Thursday, January 2, 2014
We all should care about the IMF
We all should care about the IMF
December 30, 2013, 11:00 am
By Nancy Birdsall and Clay Lowery
In the next few weeks, Congress can approve at little budgetary cost to U.S. taxpayers an increase in resources at the International Monetary Fund (IMF) that will help protect Americans from the costs of the next global financial crisis.
Why should government leaders and taxpayers care about an increase in resources at the IMF?
An increase in IMF resources makes eminent sense in a global economy that is bigger and more interdependent than ever, and in which the IMF is the closest institution we have to a global lender of last resort. You can think of the IMF a global financial fire department: as the global economy has grown, the IMF needs more resources to prevent local brushfires from spreading out of control.
Congress is understandably not focused on legislation to maintain the U.S. commitment to the IMF; in the partisan struggles on Capitol Hill, the IMF has been on the backburner. Now, however, the administration has begun providing much needed visible support for the legislation, and the omnibus appropriations bill provides an opportunity for the administration and Congress to move forward together on it.
The hard work has already been done. As part of the G-20 coordinated response to the 2008-09 crisis, the United States led a negotiation with the other 187 IMF members to increase IMF resources and to make modest changes in the allocation of the shares across country members. All other major economies, including key U.S. allies, have long since endorsed the agreement in their legislatures. Embarrassingly, this straightforward and sensible deal is now being held up by the failure of Congress to act.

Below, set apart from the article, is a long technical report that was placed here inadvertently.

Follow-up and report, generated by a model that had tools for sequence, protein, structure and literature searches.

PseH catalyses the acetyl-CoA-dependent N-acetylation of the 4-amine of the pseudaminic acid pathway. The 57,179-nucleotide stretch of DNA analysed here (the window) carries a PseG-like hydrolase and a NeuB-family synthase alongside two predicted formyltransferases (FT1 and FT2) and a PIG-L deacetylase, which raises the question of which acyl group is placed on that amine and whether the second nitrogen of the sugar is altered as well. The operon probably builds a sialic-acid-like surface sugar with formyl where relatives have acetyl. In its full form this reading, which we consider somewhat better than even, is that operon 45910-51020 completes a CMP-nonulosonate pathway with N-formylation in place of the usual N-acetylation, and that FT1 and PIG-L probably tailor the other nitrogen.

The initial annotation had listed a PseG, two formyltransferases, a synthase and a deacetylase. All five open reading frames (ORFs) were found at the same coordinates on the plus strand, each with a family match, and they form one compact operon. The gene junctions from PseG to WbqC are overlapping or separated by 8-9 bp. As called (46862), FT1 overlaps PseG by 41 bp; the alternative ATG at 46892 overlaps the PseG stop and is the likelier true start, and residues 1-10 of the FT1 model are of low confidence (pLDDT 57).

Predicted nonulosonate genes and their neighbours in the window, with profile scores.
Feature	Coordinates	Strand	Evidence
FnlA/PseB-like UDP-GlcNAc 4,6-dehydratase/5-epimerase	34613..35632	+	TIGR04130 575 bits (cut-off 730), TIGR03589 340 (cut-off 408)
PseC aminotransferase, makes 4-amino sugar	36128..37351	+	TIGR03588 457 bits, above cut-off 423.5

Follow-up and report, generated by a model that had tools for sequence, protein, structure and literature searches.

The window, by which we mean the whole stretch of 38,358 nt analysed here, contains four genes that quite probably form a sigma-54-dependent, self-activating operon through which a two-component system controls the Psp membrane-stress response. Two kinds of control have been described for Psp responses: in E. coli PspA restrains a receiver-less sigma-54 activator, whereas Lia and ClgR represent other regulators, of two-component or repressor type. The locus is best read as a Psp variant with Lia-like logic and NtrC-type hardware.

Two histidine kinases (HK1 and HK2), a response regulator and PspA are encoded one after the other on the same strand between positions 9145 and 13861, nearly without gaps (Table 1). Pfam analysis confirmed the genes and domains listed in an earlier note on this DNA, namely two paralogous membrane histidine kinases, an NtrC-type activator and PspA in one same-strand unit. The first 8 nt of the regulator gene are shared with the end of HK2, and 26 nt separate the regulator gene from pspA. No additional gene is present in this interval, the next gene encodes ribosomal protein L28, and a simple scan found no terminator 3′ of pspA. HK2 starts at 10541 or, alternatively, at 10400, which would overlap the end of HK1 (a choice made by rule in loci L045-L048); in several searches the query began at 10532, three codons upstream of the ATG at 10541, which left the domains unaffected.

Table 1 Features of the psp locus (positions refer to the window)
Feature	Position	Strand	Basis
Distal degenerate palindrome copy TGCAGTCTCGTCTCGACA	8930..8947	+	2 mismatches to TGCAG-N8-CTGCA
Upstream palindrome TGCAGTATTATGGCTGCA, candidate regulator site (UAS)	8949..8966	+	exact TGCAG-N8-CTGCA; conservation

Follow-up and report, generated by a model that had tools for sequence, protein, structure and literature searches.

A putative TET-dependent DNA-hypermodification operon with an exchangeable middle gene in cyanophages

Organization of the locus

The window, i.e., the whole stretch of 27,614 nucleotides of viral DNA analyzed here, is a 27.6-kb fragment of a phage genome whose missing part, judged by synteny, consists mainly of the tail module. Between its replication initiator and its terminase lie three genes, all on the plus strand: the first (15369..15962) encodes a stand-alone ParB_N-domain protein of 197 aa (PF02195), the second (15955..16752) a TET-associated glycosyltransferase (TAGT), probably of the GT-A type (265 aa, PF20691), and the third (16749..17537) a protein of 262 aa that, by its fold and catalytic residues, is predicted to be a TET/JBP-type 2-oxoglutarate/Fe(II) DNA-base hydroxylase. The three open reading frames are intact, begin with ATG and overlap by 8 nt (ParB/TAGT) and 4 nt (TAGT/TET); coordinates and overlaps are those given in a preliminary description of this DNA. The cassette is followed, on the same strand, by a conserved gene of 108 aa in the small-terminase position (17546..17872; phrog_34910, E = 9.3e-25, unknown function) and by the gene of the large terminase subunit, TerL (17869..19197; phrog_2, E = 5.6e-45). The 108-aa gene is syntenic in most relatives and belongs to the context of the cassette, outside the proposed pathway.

The U.S. negotiators secured two key results in the 2010 negotiation that should make it easy for Congress to say yes. First, the United States need not contribute new money; it will simply transfer money Congress already appropriated five years ago from a special IMF-housed fund into the formal, permanent reserves at the IMF. Second, the United States will maintain its voting power within the IMF at the same level.
There are four reasons why the administration and Congress should work together to ensure that the necessary IMF legislation is included in the upcoming omnibus appropriations bill:
First, the United States benefits greatly from global financial stability. Bolstering the IMF’s capacity to assist hard-hit countries supports U.S. exports and jobs as well as confidence in financial markets generally.
Second, the IMF is a bargain for U.S. taxpayers. The specifics of the 2010 deal mean that the budget dollars the United States contributes to the IMF are leveraged one thousand percent by the other 187 countries’ contributions. Without the IMF, were a worldwide financial crisis to occur again, the United States and other wealthy countries would end up shouldering the burden directly at much higher cost.